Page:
As mentioned above, various ways may be employed to introduce the reagents for producing an array of polynucleotides on the surface of a support such as a glass support. Such methods are known in the art. One such method is discussed in U.S. Pat. No. 5,744,305 (Fodor, et al.) and involves solid phase chemistry, photolabile protecting groups and photolithography. Binary masking techniques are employed in one embodiment of the above. Arrays are fabricated in situ, adding one base pair at a time to a primer site. Photolithography is used to uncover sites, which are then exposed and reacted with one of the four base pair phosphoramidites. In photolithography the surface is first coated with a light-sensitive resist, exposed through a mask and the predetermined area is revealed by dissolving away the exposed or the unexposed resist and, subsequently, a surface layer. A separate mask is usually made for each predetermined area, which may involve one for each base pair in the length of the probe.

Another in situ method employs inkjet printing technology to dispense the appropriate phosphoramidite reagents and other reagents onto individual sites on a surface of a support. Oligonucleotides are synthesized on a surface of a substrate in situ using phosphoramidite chemistry. Solutions containing nucleotide monomers and other reagents as necessary such as an activator, e.g., tetrazole, are applied to the surface of a support by means of thermal ink-jet technology. Individual droplets of reagents are applied to reactive areas on the surface using, for example, a thermal ink-jet type nozzle. The surface of the support may have an alkyl bromide trichlorosilane coating to which is attached polyethylene glycol to provide terminal hydroxyl groups. These hydroxyl groups provide for linking to a terminal primary amine group on a monomeric reagent. Excess of non-reacted chemical on the surface is washed away in a subsequent step. For example, see U.S. Pat. No. 5,700,637 and PCT WO 95/25116 and PCT application WO 89/10977.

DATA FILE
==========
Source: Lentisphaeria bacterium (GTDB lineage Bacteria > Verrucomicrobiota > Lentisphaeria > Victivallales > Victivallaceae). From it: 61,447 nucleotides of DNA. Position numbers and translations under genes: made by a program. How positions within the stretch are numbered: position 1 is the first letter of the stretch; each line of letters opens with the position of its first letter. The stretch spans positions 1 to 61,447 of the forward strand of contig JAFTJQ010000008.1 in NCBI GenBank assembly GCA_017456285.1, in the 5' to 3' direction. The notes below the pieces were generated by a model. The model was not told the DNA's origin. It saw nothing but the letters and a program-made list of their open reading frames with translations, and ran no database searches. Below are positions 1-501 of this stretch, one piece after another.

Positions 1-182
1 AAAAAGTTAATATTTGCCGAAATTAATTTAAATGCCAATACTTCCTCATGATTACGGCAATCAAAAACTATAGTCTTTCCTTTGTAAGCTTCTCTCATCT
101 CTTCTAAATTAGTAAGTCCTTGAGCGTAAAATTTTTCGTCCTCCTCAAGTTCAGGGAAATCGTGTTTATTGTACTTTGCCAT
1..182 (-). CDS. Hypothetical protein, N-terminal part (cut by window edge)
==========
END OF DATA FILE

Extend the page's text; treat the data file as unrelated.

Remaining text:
Another approach for fabricating an array of biopolymers on a substrate using a biopolymer or biomonomer fluid and using a fluid dispensing head is described in U.S. Pat. No. 6,242,266 (Schleifer, et al.). The head has at least one jet that can dispense droplets onto a surface of a support. The jet includes a chamber with an orifice and an ejector, which, when activated, causes a droplet to be ejected from the orifice. Multiple droplets of the biopolymer or biomonomer fluid are dispensed from the head orifice so as to form an array of droplets on the surface of the substrate.